Melissa Doperalski, NHFG: (603) 271-1738
Ellen Snyder, Durham Land Stewardship Coordinator: (603) 583-0039
May 4, 2018

southbaybogDURHAM, NH – The Town of Durham, in collaboration with NH Fish and Game, is seeking volunteers to help plant more than 6,000 native shrubs to benefit wildlife. The shrubs will help the endangered New England cottontail, as well as snowshoe hare, wild turkey, songbirds, butterflies, and wild bumblebees. Volunteers will plant native shrubs at Durham’s Thompson Forest on Wednesday Hill Road, on Saturday, May 12, 2018, from 9:00 a.m. to noon.

“Volunteering to plant shrubs is a great way to spend time outdoors helping wildlife, while also learning about Durham’s newest conservation area,” said Ellen Snyder, Durham’s Land Stewardship Coordinator.

No experience is necessary and organizers will provide all the tools and instruction. Families are welcome to participate.

The 54-acre Thompson Forest is a mix of field and woods with extensive frontage on the wild and scenic Lamprey River. A new loop trail leads through the field and woods to the river. The native plantings are part of a 15-acre habitat restoration to create native shrubland in an area that was over-run with large invasive shrubs. NH Fish and Game funded the mechanical removal of the invasive plants and middle-aged forest last fall and purchased the native shrubs. The Thompson Forest is within the focus area for conserving habitat for New England cottontails, a state-endangered species that relies on dense shrubland habitat (“thickets”).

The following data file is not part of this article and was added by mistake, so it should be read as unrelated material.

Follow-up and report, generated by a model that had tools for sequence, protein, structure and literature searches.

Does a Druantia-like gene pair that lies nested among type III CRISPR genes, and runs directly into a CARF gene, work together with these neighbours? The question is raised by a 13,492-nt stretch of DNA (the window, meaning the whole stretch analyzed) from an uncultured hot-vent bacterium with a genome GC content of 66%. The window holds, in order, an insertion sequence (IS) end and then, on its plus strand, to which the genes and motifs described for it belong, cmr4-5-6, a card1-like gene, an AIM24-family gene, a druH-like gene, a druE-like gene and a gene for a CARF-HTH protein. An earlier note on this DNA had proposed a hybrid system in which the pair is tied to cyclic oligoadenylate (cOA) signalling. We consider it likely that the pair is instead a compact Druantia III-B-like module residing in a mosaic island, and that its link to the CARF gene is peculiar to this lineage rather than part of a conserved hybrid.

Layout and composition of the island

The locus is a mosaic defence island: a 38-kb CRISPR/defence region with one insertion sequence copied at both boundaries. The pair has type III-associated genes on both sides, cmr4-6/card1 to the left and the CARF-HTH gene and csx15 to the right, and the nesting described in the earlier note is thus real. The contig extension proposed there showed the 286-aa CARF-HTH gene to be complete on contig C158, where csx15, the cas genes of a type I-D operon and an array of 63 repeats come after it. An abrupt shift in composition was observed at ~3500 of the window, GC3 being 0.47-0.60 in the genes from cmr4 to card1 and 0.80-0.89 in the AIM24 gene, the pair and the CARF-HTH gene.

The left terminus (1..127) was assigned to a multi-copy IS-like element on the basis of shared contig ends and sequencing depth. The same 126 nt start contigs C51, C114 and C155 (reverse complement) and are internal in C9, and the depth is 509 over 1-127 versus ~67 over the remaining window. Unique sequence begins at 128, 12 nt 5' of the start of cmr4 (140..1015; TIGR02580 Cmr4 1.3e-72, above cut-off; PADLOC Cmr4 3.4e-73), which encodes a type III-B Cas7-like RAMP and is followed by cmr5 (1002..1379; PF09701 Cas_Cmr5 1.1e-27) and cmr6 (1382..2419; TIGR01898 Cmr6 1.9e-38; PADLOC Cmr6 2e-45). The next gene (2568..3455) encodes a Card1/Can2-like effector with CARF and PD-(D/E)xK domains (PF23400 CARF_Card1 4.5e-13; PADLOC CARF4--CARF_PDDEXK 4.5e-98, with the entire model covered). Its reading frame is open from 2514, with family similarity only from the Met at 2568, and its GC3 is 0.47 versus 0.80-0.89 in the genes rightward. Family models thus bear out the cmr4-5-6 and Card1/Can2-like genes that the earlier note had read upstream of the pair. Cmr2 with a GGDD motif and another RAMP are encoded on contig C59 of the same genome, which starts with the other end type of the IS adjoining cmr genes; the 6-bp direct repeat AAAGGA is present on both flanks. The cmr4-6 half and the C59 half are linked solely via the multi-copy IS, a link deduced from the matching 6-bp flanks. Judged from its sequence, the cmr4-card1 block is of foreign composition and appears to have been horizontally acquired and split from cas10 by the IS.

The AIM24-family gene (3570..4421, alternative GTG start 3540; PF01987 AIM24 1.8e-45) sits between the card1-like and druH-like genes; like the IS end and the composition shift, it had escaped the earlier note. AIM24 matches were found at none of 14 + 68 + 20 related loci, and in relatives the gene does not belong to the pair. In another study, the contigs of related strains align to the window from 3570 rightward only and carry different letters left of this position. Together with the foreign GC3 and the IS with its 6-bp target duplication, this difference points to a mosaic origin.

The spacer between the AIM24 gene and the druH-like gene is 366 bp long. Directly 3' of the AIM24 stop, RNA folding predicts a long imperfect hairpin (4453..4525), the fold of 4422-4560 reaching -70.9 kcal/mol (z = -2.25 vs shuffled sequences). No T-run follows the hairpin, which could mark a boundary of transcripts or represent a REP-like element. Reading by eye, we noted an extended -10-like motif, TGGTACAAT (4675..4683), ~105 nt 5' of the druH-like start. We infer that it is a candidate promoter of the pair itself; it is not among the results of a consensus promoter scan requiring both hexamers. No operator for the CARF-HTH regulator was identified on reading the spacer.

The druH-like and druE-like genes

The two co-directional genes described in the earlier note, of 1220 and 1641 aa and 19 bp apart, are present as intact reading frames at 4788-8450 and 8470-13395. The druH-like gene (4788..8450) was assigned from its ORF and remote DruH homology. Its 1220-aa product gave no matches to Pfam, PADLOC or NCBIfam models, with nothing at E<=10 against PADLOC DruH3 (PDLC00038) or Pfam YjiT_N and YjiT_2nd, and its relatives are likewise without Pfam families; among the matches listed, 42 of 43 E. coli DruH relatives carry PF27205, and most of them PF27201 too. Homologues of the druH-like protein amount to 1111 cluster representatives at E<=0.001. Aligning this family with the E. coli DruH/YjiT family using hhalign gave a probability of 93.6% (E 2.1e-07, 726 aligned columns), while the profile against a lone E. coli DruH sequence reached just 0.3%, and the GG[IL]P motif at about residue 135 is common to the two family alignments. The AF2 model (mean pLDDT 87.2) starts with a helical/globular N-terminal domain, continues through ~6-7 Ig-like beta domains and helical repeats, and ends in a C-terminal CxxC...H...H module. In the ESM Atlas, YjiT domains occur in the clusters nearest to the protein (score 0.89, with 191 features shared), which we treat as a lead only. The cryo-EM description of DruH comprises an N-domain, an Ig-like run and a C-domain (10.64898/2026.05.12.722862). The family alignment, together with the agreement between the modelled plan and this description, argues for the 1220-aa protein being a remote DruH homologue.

For more information and to sign up, visit: If you have questions, contact Ellen Snyder at or (603) 659-6250.

To learn about other projects taking place in New Hampshire to help recover the New England cottontail, visit